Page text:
In this weekly series, senior staff author explores front-end and full-stack coding concepts that every developer should have in their toolkit. Tune in every Tuesday for a new tip.
- [Instructor] Sometimes the questions you get during an interview are designed to test not how we would do something, but why we would do it a certain way. It's why sometimes a chef will give a cooking test, asking people to cook something like an egg. So how you answer the question, and how you defend your positions, is more important. Let's take a look at a simple question, and then take a look at how you would solve that problem. And I'll talk about how I would approach it, and why I did what I did.
So here's a simple problem you have, that array with some objects in it, and you want to display this as a list of elements in HTML. It doesn't have to be an unordered list with list items, and I want you to target an ID of my links. So I'm going to give you a few seconds here to just pause this video, and then pull up something like jsbin, and try to solve this simple problem, and then we'll talk about how I solved the problem, and show you the kind of questions that I would ask, about the code that I see, if you turned it in.
So the first thing that I would notice about how I solve this problem, is that I'm using Query Selector, so that is a specific way of choosing dom elements, that is considered a little bit more modern, and I would prefer to see this, over something like Get Element By ID, which is considered to be a little bit older. I would ask, why did you choose Query Selector to make a selection in the dom, or why did you use Get Element by ID.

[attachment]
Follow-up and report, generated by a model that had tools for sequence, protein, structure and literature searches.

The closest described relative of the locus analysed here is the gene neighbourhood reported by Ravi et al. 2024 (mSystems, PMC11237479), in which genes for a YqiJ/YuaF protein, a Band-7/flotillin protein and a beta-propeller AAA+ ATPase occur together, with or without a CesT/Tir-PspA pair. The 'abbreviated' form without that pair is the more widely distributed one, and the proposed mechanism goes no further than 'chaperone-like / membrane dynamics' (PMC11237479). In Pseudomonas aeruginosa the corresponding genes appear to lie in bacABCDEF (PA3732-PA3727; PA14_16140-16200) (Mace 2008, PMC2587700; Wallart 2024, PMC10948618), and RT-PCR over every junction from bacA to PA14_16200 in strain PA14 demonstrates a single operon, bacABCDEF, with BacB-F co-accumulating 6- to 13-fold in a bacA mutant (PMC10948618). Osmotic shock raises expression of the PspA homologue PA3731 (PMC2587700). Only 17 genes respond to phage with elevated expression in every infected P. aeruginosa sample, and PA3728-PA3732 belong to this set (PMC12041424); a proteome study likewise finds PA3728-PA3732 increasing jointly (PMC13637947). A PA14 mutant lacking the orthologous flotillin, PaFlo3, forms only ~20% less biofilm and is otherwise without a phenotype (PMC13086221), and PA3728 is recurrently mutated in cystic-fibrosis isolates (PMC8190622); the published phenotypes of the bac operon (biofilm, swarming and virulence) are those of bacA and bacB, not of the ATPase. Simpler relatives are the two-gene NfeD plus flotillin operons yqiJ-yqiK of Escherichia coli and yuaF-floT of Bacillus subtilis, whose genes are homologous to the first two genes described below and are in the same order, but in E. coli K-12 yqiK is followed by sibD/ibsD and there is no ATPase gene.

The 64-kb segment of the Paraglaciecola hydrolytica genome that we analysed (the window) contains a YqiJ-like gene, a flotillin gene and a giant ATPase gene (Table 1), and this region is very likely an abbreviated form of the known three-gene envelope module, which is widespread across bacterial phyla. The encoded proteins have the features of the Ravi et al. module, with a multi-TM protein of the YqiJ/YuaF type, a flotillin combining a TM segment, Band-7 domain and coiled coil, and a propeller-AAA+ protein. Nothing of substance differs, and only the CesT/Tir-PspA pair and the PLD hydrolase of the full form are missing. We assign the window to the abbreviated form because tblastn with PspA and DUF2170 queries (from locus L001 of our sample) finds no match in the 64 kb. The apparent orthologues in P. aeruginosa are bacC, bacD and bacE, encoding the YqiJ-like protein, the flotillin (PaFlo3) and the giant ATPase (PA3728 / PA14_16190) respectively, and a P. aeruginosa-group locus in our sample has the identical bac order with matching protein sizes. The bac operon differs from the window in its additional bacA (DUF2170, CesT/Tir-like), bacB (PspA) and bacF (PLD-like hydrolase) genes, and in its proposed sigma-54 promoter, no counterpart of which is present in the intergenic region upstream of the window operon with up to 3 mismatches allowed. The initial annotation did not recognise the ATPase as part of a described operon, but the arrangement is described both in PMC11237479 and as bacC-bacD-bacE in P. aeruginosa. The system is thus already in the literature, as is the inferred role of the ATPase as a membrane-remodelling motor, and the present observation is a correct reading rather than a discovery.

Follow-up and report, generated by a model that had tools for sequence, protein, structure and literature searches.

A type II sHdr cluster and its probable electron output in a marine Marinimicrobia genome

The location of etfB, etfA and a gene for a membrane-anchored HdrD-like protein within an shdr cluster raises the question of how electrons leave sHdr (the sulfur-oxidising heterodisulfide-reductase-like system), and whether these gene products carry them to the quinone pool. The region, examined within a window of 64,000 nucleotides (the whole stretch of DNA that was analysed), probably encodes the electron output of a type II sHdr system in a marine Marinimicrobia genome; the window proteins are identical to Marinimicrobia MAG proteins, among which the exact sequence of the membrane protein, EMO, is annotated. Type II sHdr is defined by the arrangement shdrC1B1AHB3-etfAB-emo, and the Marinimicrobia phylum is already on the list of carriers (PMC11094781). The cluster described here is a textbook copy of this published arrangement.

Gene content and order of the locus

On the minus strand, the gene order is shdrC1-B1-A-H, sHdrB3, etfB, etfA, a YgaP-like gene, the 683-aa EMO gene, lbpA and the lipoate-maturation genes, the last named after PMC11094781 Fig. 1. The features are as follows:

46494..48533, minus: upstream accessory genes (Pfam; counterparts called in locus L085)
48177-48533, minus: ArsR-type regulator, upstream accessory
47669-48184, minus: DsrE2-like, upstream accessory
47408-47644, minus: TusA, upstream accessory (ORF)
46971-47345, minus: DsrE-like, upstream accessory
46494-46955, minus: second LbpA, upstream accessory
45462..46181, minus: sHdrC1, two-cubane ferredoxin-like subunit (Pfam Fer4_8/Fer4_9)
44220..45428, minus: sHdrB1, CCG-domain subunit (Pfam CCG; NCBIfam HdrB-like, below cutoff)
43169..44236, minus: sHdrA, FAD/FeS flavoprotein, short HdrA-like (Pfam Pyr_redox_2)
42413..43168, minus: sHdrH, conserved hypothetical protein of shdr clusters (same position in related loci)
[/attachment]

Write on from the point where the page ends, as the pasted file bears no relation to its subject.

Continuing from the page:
It's not that I would knock it, but I would want them to know the difference between Query Selector and Get Element by ID, and also perhaps, the also-available Query Selector All, which gives you a list-type component, instead of a unique element like this one. So Query Selector picks the first element that it notices with the ID of links, or the ID of my links here. So that's the first thing that I would notice. How did they make a document selection? And then, obviously, I would want to look at which sort of iterator they picked to solve the problem.
Now, this could get very complicated, and you could approach this by using four loops, you could use this forEach statement, or perhaps you could use something like Map, and that actually is going to tell you a lot about, not just the developer that is solving the problem, but a lot about the company that is asking for how this problem was solved. So if you see something forEach, I would defend this by saying I could have used a four loop here, but I really like forEach, because it's a very simple way of iterating through elements.
I would also note that I'm not using the arrow functions here, so some people might ask, why didn't you use an arrow function to solve this problem. My defense to that is, I tend to write code that to me is clear, and so I prefer to use function statements or the call-back here, over the arrow functions because I think they're a little bit harder to read, but I do understand how to convert something like this, to an arrow function, which what you do is you would get rid of the word function here, and then since we only have one item that we're passing, you can get rid of the parenthesis, and then you would use the arrow functions here.